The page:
Charlotte Personal Injury Attorney Matthew R. Arnold of Arnold & Smith, PLLC answers the question ” If an incident report was filled out, do I have a right to receive a copy?”
“At some point, something told me, grab a Big Mac.”
Those words—and that decision—would forever change the lives of two New York men. Officer John Florio was on duty and in uniform when he pulled into a Bronx, New York McDonald’s drive-thru late one evening in January 2005. Florio ordered a Big Mac, but when he bit into the patty he discovered he’d been served something he hadn’t ordered: shards of broken glass mixed into the sandwich’s “special sauce.”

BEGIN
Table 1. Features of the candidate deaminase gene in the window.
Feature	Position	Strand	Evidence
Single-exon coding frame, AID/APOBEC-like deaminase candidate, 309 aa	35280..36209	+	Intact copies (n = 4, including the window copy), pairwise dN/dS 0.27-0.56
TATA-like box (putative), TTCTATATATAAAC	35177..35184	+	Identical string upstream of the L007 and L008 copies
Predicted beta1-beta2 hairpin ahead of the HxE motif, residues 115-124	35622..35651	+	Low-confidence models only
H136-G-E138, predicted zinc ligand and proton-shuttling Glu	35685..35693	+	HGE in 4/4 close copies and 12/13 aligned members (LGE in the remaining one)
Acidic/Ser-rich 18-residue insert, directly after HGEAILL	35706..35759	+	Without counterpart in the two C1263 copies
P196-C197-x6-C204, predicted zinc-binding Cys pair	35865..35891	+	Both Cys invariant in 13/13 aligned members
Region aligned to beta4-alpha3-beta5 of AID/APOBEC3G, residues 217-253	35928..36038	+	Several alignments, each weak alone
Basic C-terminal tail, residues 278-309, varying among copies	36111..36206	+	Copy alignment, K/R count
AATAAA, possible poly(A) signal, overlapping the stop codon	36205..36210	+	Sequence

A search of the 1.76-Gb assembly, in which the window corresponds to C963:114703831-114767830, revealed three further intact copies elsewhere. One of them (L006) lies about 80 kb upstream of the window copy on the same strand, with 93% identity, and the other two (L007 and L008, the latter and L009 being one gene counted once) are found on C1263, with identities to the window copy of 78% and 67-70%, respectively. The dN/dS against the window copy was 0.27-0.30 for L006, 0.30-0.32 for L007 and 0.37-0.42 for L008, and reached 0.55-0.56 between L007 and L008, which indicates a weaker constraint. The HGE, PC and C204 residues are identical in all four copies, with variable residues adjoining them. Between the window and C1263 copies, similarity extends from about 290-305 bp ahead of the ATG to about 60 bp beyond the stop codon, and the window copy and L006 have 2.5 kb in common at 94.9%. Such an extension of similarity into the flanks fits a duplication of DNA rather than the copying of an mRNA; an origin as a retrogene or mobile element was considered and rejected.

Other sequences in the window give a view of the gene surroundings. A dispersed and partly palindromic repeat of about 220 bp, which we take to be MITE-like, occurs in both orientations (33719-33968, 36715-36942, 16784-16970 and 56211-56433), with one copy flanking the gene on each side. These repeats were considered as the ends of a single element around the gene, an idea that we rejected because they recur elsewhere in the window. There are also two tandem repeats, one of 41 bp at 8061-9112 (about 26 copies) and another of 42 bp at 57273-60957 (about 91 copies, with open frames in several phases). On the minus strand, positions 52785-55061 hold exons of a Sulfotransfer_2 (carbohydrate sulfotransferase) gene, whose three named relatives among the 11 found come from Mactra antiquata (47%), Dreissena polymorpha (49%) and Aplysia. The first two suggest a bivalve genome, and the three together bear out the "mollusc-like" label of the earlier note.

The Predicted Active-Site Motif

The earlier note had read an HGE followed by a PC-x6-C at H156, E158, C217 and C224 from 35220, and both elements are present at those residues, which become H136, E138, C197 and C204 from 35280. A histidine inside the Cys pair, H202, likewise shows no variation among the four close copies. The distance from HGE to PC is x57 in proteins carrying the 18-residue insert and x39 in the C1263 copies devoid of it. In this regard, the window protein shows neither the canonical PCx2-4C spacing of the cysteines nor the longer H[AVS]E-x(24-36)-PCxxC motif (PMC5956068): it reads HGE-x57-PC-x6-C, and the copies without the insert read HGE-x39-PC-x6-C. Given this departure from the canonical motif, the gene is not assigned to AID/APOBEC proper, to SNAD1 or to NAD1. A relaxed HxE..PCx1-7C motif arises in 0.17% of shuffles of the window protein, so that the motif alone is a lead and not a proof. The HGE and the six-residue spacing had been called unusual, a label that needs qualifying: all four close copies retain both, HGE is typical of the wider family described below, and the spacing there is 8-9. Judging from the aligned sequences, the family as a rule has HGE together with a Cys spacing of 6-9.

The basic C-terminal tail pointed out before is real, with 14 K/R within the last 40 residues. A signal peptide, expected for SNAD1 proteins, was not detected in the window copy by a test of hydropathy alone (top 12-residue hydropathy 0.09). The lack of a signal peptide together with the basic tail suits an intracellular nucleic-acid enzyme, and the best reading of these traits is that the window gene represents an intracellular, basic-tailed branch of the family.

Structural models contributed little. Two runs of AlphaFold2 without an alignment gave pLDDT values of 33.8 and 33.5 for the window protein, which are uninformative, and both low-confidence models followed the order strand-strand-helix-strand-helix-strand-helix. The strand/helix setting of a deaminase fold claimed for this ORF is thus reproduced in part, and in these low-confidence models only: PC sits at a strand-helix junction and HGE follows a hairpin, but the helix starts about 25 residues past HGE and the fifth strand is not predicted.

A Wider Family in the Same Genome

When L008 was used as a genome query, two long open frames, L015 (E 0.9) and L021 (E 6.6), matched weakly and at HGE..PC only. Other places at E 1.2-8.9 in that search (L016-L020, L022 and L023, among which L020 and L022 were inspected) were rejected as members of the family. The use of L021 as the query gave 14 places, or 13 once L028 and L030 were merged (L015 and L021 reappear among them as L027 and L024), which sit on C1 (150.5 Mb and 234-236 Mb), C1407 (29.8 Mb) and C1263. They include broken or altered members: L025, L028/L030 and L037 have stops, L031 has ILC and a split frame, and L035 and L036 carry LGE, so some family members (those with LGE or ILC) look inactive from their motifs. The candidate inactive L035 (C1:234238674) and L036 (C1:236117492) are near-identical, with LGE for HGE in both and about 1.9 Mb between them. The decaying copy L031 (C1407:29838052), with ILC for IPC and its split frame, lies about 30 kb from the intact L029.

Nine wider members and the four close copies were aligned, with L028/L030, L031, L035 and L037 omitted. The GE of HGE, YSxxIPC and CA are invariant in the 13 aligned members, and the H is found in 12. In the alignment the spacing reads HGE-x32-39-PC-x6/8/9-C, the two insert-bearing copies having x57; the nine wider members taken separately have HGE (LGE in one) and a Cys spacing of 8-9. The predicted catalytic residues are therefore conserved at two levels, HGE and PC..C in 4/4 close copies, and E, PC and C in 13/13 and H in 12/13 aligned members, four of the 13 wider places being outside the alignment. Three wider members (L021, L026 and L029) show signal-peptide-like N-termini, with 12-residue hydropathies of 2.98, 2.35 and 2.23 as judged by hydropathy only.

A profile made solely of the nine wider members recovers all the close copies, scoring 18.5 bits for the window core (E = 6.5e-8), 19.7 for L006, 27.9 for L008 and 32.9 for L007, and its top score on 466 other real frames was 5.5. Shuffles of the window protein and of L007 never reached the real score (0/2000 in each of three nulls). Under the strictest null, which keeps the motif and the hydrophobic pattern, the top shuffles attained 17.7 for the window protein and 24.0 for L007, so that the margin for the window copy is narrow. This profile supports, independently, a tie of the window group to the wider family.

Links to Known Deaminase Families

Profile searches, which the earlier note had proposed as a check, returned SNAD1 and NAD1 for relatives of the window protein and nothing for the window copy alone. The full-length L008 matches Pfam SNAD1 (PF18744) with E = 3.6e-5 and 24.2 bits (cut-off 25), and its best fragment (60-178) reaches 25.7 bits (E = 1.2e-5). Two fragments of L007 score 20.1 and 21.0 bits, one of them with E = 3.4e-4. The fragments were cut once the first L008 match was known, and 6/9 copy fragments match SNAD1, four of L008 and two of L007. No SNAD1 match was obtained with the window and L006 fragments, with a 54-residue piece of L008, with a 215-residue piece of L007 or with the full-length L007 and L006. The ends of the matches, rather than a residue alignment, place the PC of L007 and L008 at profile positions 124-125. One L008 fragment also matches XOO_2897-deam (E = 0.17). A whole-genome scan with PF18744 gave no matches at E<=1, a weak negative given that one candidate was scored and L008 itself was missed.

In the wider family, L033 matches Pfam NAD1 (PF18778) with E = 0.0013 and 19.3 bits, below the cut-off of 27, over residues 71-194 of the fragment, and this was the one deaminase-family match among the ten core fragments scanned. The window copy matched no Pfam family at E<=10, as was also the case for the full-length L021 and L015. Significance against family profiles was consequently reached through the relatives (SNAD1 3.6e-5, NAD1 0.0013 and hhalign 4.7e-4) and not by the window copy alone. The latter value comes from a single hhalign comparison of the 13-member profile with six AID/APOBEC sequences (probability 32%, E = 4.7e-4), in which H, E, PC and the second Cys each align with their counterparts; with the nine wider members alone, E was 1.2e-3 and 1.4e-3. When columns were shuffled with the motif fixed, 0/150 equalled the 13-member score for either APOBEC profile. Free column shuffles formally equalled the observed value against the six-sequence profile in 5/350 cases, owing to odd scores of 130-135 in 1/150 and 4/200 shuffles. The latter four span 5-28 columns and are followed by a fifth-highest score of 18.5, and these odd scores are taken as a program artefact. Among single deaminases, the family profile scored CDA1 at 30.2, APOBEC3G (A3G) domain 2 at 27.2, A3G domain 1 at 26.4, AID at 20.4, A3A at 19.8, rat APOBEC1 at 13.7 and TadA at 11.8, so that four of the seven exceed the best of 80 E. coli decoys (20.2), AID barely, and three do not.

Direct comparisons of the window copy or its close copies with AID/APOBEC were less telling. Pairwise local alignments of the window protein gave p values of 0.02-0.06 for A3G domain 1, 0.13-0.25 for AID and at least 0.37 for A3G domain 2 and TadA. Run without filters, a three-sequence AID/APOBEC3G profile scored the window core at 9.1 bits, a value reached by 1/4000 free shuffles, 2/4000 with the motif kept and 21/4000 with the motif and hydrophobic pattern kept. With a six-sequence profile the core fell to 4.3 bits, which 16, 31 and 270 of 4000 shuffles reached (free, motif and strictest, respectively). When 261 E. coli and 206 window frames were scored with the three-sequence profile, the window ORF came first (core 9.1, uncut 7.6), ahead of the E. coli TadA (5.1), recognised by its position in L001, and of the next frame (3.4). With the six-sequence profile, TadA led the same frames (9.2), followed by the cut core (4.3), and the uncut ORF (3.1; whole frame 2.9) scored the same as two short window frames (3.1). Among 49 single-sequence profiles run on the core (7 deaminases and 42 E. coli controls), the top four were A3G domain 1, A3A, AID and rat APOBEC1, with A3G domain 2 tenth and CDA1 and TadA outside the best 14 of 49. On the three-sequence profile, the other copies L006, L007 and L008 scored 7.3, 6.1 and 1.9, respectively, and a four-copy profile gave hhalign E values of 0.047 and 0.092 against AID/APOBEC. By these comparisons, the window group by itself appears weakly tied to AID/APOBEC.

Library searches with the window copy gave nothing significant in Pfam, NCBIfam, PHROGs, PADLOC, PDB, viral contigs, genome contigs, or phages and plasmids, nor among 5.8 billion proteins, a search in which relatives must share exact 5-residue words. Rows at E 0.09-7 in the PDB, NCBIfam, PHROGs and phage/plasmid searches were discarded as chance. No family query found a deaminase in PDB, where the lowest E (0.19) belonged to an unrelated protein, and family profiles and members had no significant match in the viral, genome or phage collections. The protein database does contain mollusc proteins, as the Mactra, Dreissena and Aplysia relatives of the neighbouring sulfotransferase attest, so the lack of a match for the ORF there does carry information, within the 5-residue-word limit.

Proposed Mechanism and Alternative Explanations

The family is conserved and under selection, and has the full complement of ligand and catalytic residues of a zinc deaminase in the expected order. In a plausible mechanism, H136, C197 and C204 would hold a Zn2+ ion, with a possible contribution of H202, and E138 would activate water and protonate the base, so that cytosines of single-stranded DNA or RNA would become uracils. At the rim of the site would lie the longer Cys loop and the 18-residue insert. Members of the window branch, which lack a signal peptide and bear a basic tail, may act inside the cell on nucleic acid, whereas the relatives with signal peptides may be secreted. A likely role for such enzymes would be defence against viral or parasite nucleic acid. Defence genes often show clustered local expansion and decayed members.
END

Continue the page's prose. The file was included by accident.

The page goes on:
A short time later, two inspectors, two captains, three sergeants and five detectives arrived at the McDonald’s to investigate, searching the kitchen and interviewing workers.
They ushered then-18-year-old McDonald’s worker Albert Garcia to a back room, where he admitted to “giving Florio something extra in his order.” In a statement he wrote for investigators, Garcia said he “put the little pieces of glass into the burger as a joke.”
By the time—five years later—Garcia’s criminal case came on for trial, Garcia had recanted and his lawyer—Raymond J. Aab—accused Officer Florio of planting the glass in the burger himself in order to obtain some quick settlement cash from the fast-food chain. Within two weeks of the incident, Florio sued McDonald’s asking for $6 million in damages.